Plastic surgeon Dr. Drew Ordon is an old hand at chemical peels, a popular cosmetic procedure performed to refresh facial skin. Several different levels of peels are available, ranging in acidic intensity, and should always be performed by a medic...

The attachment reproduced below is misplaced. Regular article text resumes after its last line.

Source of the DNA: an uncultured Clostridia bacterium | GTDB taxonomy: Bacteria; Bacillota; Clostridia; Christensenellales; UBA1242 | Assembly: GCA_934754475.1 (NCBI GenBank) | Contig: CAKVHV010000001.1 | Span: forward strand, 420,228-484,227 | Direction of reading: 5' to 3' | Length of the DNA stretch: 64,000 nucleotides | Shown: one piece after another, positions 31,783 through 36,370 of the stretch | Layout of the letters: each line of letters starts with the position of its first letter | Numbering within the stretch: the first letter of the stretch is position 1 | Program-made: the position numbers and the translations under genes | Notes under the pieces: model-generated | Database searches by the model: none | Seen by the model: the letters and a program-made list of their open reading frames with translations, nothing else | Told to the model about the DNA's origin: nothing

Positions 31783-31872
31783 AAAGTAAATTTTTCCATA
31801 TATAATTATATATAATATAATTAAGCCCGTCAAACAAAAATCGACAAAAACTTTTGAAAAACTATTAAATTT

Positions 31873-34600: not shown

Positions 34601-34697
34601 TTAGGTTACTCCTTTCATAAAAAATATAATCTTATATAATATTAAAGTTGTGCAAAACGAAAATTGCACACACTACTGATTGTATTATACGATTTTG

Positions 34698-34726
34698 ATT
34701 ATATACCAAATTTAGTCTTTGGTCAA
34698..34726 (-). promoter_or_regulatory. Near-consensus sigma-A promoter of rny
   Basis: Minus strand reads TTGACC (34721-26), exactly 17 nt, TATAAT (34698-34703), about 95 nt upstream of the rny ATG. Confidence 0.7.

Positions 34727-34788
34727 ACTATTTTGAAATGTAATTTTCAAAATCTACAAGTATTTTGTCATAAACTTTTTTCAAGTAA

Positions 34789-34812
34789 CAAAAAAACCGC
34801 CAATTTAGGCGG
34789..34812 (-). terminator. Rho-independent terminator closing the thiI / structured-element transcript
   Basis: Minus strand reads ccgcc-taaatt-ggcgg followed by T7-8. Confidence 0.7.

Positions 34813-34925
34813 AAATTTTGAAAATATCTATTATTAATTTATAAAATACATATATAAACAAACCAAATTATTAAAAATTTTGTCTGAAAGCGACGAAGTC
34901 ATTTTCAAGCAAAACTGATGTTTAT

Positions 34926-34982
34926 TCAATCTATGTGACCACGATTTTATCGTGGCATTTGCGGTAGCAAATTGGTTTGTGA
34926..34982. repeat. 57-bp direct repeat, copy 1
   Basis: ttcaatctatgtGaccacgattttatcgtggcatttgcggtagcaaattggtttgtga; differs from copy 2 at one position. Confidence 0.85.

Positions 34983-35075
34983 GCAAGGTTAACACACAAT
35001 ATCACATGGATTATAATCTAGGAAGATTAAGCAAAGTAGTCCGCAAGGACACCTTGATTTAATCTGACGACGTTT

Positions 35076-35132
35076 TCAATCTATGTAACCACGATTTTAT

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Chemical Peel Dos and Don'ts Dr. Travis Stork: So, let’s talk about chemical peels. They’ve been around for a while and they are very popular, right Dr. Drew Ordon? Dr. Drew Ordon: Well, they are and there are different peels, light peels, medium strength peels and heavy peels. What is chemical peeling going to do? Well, it’s going to eliminate fine lines, dark spots on your face and actually, you may get some skin tightening. So overall, you are just making your skin look better and younger. Dr. Travis Stork: But you need to get it done by a professional, take a look. Dr. Drew Ordon: I’m actually getting ready to do a chemical peel on a patient in one second. But I’ve got a couple of tips for you. If you are considering doing a home peel, there are five don’ts that you have to consider. Don’t peel if you have dark to medium dark skin. You never want to use acid solution greater than eight percent concentration. Do not peel your skin if you are on acne medications. You have to avoid the sun six weeks before and six weeks after any peeling and finally, if you have a history of cold sores, you do not want to do the skin peel on your own skin. Dr. Travis Stork: So, if you do it the wrong Drew, it can cause and make damage? Dr. Drew Ordon: Right. And there are some little new ones to what you saw and in the video there, I’m doing a couple of things that I am applying this, watching for the right amount of frosting which tells you that you’ve reached the right end point as far as how much peeling solution you’ve put on and finally, you can see here what we call feathering. You don’t want to just stop abruptly. So there, you can see the frosting and it’s supposed to be that foggy white appearance that is telling me that that’s the right solution. Eyelids, very thin skin. I did this in about 30%. And now, you are seeing me feather over those crow's feet and this is actually in a guy; more guys are having things done on their face. Dr. Travis Stork: I don’t think I would want to do that at home to myself. Dr. Jim Sears: To put an acid on your face, you got to know what you are doing. Dr. Travis Stork: Because you can have some major issues occur. Dr. Drew Ordon: We have a picture of somebody who did it. What you see here is it’s uneven in certain areas. She is light in other areas, she is dark, she has a very uneven peel and then what happened in her case, she developed cold sores or herpes, blisters on and around her mouth because that’s one of the don’ts that I’ve said if you have a history of cold sores, you don’t want to do your own peel. And she broke out and those cold sores -- Dr. Travis Stork: So, this was her a couple weeks later after that? Dr. Drew Ordon: That’s her a couple weeks later after her peel with that severe herpetic infection which took a while. Dr. Travis Stork: She is not even quite healed yet, is she? Dr. Drew Ordon: No. For her to be right may take months with fade creams. Here is the final result in somebody in conjunction with some eyelids that I did a trichloroacetic acid peel on a 30% solution and this is her several months later but you can see that that really soften those crow's feet, some of that sun damage, brown spots and actually got some tightening of that skin around the eye. Dr. Travis Stork: Thank you sir for those tips.

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